the choice 2000
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issue: education
· should parents be allowed to use taxpayer funded vouchers to pay for private school?

· should schools be held responsible for student performance?

· how can higher education be made more accessible to Americans?

what they say
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For most Americans, this is the issue to watch in Campaign 2000. In poll after poll, education reform is consistently given highest priority by voters, who say they are frustrated by poor academic standards, crowded classrooms, lack of discipline and low morale in the nation's public schools. Public schools enrolled a record 53 million children this year, but parents are increasingly opting out. One quarter of all school age children attend private, magnet and charter schools, while three percent are home-schooled.

One thing seems clear: schools are in for a fundamental change no matter who occupies the White House this fall: both Bush and Gore propose a much greater federal role in the school system than ever before, though their approaches are very different.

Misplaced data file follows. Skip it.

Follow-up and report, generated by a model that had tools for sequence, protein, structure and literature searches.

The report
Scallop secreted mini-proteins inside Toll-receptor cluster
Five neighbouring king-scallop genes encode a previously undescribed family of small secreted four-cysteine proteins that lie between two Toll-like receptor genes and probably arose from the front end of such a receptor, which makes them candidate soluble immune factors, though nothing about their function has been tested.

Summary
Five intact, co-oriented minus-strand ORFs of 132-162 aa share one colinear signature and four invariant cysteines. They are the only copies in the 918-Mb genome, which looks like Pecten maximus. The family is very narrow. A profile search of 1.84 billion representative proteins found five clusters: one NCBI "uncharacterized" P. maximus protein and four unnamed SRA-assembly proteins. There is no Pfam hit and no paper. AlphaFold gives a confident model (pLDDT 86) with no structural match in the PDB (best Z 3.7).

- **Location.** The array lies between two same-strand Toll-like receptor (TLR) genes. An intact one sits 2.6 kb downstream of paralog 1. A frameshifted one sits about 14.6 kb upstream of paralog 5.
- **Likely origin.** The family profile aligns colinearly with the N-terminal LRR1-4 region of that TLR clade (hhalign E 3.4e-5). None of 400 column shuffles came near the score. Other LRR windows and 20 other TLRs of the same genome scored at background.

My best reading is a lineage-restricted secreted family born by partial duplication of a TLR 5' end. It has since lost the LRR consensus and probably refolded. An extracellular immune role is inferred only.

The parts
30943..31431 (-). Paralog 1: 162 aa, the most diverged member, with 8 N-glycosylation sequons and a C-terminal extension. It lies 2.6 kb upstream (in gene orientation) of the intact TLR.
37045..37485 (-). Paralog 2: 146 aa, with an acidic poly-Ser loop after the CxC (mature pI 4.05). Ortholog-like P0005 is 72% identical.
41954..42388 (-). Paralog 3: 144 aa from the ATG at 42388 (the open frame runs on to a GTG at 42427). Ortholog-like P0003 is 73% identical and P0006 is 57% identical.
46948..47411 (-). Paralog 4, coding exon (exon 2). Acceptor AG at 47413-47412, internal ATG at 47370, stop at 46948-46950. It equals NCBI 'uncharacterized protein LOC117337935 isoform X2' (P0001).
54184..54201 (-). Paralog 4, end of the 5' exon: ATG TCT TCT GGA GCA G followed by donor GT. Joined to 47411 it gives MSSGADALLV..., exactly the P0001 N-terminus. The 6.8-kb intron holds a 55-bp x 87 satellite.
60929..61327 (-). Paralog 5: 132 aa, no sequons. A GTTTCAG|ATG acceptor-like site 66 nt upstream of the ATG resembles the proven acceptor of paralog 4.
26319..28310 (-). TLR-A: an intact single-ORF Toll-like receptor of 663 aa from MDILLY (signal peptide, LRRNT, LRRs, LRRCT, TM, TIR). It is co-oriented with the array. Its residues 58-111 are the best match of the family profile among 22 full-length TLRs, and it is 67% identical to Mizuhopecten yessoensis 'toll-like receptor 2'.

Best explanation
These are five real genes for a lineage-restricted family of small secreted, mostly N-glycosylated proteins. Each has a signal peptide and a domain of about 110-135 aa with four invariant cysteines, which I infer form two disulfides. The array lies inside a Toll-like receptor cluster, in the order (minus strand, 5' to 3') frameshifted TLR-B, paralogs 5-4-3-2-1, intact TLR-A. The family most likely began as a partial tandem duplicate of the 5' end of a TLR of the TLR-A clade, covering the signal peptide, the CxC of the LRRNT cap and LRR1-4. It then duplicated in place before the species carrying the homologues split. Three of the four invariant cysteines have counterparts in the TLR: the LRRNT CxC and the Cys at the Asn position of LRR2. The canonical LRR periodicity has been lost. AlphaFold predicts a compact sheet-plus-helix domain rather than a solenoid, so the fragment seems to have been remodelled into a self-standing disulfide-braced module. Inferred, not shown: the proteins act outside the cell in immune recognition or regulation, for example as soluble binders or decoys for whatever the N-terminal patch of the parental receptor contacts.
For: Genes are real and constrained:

School choice and vouchers are perhaps the most controversial issue of this election. In states like Vermont, Flordia and Wisconsin, vouchers allow students in under-performing schools to use taxpayer dollars to attend private schools. Proponents, including some minorities who have traditionally been advocates of public education, say this offers hope for disadvantaged students.

But critics say that vouchers further weaken the beleaguered public school system and also violate the principle of the separation of church and state. Vouchers could potentially transform school education, but recent polls have found that most Americans do not understand what they are and how they work.